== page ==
Table of Contents_
You may wonder whether an evaporative air cooler vs a portable air conditioner is better for cooling small spaces. These two methods use liquids to cool rooms or houses, but the best air conditioner is more accessible than a swamp cooler.
Evaporative air coolers and portable air conditioners differ significantly in their cooling methods, effectiveness, energy efficiency, and climate usage. If you choose a portable air conditioner, you most likely want to know the differences between dry mode vs cool mode on an AC.
Both portable air conditioners and swamp coolers cool nearby air and release it back into your environment. Their cooling processes and effectiveness vary greatly, as do the components of the unit and operating climates. However, you can expect your system to make your home cooler regardless of which one you have. If you want to learn more about other AC options, check out the differences between a gas vs electric air conditioner, BTU vs Ashrae, and Blaux vs Arctic Air.
Portable air conditioners work similarly to a traditional air conditioner unit. They pull in air from the room and outside and lower the temperature to your desired setting using an evaporator coil, condenser coil, compressor, and fan before expelling the cool air into your environment. However, portable ACs are not as powerful as whole-home systems, which is why you want to compare portable air conditioners vs window A/Cs, too.
Swamp coolers, also called desert coolers, draw in outside air, passing it over water-saturated pads. As the warm air flows over these pads, the water evaporates into the air. This process is why swamp coolers are also called great evaporative cooling systems.
Using a portable AC can reduce your home’s temperature while eliminating some humidity from the air.
You can expect a desert cooler to cost about half as much to install as a whole-home AC system and a quarter of the price to run. However, it will require a constant supply of water while it runs.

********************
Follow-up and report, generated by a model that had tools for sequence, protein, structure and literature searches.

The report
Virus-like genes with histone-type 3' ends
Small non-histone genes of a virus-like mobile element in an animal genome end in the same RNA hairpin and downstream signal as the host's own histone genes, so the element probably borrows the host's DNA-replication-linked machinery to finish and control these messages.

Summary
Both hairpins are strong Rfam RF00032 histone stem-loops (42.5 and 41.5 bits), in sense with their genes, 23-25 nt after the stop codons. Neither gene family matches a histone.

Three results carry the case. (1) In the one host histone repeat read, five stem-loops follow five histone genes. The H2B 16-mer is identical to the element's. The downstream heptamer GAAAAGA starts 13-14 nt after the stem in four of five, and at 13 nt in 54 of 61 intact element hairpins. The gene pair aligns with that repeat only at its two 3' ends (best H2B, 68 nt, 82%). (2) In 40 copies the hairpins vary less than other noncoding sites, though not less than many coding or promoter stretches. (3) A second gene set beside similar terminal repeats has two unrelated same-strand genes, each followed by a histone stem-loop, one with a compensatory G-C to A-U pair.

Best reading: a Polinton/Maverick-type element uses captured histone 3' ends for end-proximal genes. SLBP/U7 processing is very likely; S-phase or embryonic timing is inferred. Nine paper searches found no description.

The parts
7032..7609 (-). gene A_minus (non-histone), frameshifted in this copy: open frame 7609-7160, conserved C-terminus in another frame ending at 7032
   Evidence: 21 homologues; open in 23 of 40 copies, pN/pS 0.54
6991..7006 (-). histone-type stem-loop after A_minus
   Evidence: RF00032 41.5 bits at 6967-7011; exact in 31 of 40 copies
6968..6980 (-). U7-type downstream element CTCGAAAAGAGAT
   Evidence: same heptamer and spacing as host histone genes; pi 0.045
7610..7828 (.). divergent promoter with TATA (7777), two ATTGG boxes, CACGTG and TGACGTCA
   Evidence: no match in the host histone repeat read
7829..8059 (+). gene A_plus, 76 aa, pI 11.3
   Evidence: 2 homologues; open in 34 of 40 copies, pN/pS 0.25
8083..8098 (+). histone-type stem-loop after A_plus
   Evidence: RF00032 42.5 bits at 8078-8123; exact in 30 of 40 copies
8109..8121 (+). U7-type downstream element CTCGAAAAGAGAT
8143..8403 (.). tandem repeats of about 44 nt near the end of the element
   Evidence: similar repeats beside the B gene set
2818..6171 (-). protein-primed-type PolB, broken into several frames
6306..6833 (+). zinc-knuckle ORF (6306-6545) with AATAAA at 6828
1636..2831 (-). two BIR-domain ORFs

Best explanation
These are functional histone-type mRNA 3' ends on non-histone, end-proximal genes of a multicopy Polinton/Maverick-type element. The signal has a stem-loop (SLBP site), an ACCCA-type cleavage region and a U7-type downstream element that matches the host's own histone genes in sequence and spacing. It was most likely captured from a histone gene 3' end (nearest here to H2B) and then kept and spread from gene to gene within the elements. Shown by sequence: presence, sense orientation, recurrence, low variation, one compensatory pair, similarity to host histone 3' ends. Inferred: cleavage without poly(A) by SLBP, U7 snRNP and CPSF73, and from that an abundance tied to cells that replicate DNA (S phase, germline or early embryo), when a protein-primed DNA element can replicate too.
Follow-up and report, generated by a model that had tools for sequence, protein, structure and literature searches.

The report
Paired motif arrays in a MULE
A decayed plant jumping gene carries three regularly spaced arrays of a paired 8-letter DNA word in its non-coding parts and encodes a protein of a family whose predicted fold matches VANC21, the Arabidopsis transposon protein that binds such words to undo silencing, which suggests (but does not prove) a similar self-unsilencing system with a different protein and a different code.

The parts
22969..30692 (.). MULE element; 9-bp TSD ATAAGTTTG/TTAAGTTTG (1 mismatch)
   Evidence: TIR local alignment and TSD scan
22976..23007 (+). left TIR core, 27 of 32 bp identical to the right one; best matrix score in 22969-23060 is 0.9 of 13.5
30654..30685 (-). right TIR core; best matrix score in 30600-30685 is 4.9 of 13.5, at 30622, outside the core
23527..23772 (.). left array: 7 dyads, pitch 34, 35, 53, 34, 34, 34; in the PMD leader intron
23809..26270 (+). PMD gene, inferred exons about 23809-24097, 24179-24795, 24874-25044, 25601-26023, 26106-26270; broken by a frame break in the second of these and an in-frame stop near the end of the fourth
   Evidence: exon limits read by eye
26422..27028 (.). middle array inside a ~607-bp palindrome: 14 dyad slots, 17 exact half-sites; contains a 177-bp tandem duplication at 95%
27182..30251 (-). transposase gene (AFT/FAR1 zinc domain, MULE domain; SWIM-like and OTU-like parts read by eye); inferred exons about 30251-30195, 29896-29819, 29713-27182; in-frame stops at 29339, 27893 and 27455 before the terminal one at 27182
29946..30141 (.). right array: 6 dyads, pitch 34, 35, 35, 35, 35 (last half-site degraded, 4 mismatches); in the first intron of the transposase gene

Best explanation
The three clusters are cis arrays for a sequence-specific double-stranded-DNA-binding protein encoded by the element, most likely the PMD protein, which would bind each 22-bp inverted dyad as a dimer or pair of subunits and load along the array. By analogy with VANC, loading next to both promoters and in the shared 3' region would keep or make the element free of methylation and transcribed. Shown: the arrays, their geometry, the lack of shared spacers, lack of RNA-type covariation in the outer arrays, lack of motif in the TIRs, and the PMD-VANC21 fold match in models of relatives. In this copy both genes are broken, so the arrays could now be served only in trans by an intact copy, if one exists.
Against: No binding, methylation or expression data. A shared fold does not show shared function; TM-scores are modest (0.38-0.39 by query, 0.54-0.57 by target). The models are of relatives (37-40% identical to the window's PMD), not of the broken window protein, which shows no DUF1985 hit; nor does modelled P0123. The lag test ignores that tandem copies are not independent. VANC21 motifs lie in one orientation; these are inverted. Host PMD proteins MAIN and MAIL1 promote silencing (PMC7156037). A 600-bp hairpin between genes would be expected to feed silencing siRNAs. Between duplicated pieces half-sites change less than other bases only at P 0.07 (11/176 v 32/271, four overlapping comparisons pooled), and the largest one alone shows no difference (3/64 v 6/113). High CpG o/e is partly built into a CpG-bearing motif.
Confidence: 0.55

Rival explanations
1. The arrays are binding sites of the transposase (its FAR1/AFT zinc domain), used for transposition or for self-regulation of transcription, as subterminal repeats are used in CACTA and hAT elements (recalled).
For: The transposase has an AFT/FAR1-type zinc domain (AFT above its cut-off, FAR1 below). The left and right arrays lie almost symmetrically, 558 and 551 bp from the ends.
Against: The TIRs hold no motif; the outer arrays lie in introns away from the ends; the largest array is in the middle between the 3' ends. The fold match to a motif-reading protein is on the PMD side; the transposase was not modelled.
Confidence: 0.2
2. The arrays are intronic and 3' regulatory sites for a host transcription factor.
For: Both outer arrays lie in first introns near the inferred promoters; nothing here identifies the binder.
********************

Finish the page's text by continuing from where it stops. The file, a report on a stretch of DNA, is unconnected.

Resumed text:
Evaporative coolers must be used in dry environments only because they add to the present humidity. This factor is because they rely on the evaporation of water molecules to cool the air, something that’s hard to do when the air is already full of moisture.
Because of how air conditioners cool the air, they remove a little humidity from the air. This feature allows makes them great for a wide range of climates and environments. In addition, some ACs have a DRY mode that optimizes this effect to reduce moisture to a comfortable range during the summer, and this option is available in a portable unit.
Air conditioning systems are used throughout the United States to cool houses and rooms to the desired temperatures of the inhabitants. Portable air conditioners are sometimes less effective than whole-home units, but they still significantly affect your space when used correctly.
On the other hand, swamp coolers can often lower temperatures by 15-40 degrees before they release the air back into the room. However, they work better in smaller areas than in large homes. Many people use them for cooling small spaces or a portion of outside air. If you use an evaporative air cooler inside, make sure you leave your windows partially open to allow the warm air from inside to escape through convection.
Do some air conditioning units really dehumidify the air?
Yes. Many home AC units feature a process that removes moisture, but the effect is not as high as a dehumidifier.
Does an evaporative cooler use a compressor to cool?
No. Evaporative coolers do not include compressors.
Do evaporative coolers work in high humidity?
No. Evaporative coolers rely on the ability to release moisture into the air, and high humidity makes it hard for the water to evaporate.
STAT: Evaporative coolers could reduce your energy usage by up to 50% compared to air conditioners with refrigerants. (source)
Evaporative coolers release moisture into the air when they cool it, so they aren’t recommended for high-humidity environments.